A Russian court sentenced Moscow municipal deputy Alexei Gorinov to seven years in prison Friday under censorship laws that criminalize anti-war protests.
The 60-year-old lawyer was arrested in April for spreading "knowingly false information" about the Russian army during a session of the local assembly in northern Moscow where he is a deputy.
At the session in question, which was recorded and is still available on YouTube, Gorinov's queried plans to hold an art competition for children in his local area while "children are dying" in Ukraine.
Prosecutors requested Thursday a seven-year prison term for Gorinov, accusing him of “political hatred” and “undermining the authority of the Armed Forces.”
In court, Gorinov held up an anti-war placard that read: ‘Do you still need this war?”
Gorinov, who denies his guilt, is the first elected member of the opposition to be sentenced to jail for criticizing Moscow's military campaign in Ukraine.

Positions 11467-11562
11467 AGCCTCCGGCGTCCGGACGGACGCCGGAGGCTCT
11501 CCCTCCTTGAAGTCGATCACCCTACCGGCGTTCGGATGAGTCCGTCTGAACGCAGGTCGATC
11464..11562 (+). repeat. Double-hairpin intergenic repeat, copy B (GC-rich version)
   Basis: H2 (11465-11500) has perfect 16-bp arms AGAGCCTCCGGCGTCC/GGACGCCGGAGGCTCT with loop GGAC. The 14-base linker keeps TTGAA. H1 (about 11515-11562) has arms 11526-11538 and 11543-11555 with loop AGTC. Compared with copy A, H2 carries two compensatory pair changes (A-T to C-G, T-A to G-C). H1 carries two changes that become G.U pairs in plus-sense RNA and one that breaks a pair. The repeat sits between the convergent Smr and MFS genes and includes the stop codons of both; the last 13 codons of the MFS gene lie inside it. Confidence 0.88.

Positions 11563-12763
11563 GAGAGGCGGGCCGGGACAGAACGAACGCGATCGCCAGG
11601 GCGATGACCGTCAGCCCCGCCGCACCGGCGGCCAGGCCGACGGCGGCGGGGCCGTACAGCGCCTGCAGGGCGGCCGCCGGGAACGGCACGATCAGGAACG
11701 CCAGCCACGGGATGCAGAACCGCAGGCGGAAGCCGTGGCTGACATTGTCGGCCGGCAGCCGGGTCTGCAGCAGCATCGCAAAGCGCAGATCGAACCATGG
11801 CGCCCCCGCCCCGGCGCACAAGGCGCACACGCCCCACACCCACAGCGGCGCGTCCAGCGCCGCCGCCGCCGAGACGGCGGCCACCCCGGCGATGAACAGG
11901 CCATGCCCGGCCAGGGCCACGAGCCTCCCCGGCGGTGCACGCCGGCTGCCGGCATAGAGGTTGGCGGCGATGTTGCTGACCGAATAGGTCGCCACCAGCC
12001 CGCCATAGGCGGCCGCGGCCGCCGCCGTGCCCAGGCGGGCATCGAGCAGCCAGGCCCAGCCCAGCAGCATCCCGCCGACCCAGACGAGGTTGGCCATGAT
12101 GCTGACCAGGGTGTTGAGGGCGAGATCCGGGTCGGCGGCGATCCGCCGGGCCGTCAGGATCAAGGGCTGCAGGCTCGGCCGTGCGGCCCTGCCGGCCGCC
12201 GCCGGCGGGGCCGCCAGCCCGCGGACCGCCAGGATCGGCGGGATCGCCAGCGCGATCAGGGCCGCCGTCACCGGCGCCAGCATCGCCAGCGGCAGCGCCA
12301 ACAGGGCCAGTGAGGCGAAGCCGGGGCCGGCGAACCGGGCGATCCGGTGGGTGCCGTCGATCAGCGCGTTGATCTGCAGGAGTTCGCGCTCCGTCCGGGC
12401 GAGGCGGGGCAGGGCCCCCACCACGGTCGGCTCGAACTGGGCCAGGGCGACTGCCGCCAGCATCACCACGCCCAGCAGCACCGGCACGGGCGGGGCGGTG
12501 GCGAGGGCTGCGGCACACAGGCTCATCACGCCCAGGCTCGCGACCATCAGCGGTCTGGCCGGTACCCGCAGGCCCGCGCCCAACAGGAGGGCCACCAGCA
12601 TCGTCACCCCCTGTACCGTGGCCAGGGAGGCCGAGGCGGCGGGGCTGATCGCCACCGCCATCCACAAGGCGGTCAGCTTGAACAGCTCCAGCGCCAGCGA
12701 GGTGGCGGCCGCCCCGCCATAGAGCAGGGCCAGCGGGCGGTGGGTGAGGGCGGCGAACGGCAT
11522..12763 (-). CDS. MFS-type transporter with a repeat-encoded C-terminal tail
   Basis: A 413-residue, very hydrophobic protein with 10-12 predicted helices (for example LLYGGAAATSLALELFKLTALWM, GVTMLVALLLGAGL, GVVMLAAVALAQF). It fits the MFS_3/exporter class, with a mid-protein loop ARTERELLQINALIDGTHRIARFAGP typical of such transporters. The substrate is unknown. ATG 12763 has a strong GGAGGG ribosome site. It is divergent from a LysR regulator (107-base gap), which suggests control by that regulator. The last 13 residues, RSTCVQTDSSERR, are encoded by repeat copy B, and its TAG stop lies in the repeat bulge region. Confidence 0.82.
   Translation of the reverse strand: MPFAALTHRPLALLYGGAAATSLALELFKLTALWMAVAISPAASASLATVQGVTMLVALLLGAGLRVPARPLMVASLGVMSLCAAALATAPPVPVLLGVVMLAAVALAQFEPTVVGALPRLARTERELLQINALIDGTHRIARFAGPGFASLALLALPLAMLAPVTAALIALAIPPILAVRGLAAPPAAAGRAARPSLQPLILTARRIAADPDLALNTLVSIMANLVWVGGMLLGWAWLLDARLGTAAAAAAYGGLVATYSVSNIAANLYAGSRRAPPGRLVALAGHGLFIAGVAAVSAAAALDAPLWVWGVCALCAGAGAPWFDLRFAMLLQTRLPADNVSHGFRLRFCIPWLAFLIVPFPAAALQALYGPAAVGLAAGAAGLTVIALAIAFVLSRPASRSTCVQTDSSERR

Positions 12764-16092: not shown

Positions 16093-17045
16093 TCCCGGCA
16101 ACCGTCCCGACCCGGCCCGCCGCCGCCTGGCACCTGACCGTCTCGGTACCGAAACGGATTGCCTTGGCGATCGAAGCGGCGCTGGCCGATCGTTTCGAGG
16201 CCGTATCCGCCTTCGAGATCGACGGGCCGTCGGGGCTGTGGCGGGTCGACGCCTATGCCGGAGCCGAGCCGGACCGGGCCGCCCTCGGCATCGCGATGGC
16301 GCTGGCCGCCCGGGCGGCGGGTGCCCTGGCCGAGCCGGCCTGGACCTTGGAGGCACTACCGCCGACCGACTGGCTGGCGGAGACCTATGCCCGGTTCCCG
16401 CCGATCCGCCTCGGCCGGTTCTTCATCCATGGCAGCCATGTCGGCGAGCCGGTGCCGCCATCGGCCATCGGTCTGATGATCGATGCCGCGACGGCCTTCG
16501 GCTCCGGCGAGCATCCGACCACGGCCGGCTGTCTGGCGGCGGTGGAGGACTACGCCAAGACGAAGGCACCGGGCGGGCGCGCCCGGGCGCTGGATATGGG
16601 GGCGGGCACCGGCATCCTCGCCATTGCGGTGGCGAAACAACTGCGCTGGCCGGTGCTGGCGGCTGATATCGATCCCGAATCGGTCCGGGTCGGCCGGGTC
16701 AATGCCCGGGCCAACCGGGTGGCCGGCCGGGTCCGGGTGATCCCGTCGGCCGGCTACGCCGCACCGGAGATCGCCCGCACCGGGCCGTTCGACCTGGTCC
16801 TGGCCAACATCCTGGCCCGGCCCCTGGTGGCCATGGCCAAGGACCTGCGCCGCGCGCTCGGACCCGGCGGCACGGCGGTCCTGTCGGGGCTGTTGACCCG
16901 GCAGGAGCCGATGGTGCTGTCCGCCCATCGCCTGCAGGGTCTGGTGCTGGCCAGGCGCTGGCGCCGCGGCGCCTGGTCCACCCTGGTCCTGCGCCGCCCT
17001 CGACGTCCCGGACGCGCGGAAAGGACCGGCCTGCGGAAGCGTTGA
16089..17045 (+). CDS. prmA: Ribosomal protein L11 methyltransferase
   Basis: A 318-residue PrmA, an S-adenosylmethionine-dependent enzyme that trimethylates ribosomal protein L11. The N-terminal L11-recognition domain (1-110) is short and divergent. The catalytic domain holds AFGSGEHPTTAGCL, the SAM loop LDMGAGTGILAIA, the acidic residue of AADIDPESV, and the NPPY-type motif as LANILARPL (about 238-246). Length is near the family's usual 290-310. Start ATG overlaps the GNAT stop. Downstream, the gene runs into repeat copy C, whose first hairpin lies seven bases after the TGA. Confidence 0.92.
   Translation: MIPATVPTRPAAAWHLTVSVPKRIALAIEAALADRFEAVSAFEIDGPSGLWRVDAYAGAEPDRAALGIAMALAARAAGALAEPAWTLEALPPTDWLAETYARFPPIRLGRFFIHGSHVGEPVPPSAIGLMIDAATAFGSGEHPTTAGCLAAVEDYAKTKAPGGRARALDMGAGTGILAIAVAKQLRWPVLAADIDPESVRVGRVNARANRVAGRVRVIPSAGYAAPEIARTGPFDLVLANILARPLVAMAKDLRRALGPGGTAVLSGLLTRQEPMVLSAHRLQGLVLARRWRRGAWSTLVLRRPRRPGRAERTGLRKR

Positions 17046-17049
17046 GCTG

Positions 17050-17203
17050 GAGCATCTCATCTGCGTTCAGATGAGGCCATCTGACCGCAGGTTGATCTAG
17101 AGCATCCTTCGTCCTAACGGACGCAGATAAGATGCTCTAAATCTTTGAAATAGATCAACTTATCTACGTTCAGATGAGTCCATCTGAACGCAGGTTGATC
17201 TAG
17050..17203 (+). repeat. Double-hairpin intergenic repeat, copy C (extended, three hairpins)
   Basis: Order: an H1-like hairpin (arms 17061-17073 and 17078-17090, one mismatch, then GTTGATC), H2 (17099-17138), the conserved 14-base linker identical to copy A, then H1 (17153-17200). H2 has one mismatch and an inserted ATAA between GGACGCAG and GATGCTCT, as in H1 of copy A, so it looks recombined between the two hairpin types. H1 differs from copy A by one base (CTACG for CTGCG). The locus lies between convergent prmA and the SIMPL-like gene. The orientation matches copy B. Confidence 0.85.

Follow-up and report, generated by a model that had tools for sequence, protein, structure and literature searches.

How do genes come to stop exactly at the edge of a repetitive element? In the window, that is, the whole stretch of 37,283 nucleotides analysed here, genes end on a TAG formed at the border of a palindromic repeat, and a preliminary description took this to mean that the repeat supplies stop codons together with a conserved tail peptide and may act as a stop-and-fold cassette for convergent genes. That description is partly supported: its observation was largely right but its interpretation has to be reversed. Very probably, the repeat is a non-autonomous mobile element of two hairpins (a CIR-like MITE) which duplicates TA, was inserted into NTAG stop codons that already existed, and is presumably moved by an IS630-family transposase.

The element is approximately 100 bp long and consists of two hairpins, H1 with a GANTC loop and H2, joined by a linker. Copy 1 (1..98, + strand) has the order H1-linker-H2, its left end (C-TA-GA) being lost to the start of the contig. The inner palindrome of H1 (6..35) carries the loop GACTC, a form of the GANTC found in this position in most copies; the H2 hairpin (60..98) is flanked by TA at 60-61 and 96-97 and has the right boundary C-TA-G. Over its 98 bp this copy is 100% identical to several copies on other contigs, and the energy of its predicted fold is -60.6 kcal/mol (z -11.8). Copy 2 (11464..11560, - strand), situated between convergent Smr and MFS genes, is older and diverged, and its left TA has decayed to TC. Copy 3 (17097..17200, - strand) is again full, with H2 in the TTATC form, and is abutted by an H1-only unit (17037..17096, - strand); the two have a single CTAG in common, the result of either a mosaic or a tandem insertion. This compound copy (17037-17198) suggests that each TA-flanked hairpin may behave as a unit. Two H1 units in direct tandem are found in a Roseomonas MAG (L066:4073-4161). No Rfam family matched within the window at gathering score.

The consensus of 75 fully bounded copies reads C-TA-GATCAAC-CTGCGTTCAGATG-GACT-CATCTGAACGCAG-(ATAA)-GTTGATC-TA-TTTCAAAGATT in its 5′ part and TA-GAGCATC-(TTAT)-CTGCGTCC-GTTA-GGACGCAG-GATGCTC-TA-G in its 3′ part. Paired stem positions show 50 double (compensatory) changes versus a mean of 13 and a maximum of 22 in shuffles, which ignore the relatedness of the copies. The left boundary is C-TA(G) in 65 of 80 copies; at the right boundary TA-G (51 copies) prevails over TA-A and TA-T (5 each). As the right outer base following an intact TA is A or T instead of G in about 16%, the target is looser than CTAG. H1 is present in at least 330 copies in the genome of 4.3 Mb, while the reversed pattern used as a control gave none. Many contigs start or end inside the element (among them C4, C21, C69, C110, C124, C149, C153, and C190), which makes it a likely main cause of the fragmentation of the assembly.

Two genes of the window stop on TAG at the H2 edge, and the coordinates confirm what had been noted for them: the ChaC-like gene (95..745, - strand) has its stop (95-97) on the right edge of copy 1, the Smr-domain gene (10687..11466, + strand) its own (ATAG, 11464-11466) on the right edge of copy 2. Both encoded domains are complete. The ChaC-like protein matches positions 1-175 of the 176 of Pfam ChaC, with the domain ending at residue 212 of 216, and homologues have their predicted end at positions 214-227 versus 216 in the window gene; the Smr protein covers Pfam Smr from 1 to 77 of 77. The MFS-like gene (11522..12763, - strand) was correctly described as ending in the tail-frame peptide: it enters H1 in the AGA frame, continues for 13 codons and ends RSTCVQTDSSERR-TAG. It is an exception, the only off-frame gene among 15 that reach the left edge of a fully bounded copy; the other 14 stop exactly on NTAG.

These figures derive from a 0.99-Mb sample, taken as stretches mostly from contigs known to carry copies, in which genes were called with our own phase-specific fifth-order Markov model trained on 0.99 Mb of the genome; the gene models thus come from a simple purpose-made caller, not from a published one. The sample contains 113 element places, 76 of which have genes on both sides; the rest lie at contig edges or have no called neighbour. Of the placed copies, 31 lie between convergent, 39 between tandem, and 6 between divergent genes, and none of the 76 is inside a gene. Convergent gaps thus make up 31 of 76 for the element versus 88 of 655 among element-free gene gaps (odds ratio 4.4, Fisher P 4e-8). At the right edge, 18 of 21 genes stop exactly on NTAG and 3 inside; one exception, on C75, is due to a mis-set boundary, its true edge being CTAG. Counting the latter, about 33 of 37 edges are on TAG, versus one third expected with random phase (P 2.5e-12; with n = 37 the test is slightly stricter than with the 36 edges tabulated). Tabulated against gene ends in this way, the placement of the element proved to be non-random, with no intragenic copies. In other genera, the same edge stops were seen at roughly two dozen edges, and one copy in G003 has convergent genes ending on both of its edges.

In his last word in court on Thursday, Gorinov said "it will not be easy, but we will have to recognize that a war is a war."
A number of activists and journalists gathered inside and outside the courthouse to express their support for the municipal deputy.
Russian human rights activist Marina Litvinovich decried the verdict, saying its primary aim is to intimidate Russia's civil servants into silence.
"Any junior representative of the authorities now understands that no words against the 'special operation' can be said, otherwise they'll get a demonstrative seven years in prison," Litvinovich wrote.
Russia passed a law in March that allows jail sentences of up to 15 years for spreading false information about the military.
Thousands of Russians have been fined, or face jail, for carrying out anti-war protests, or making anti-war statements since the invasion of Ukraine in late February.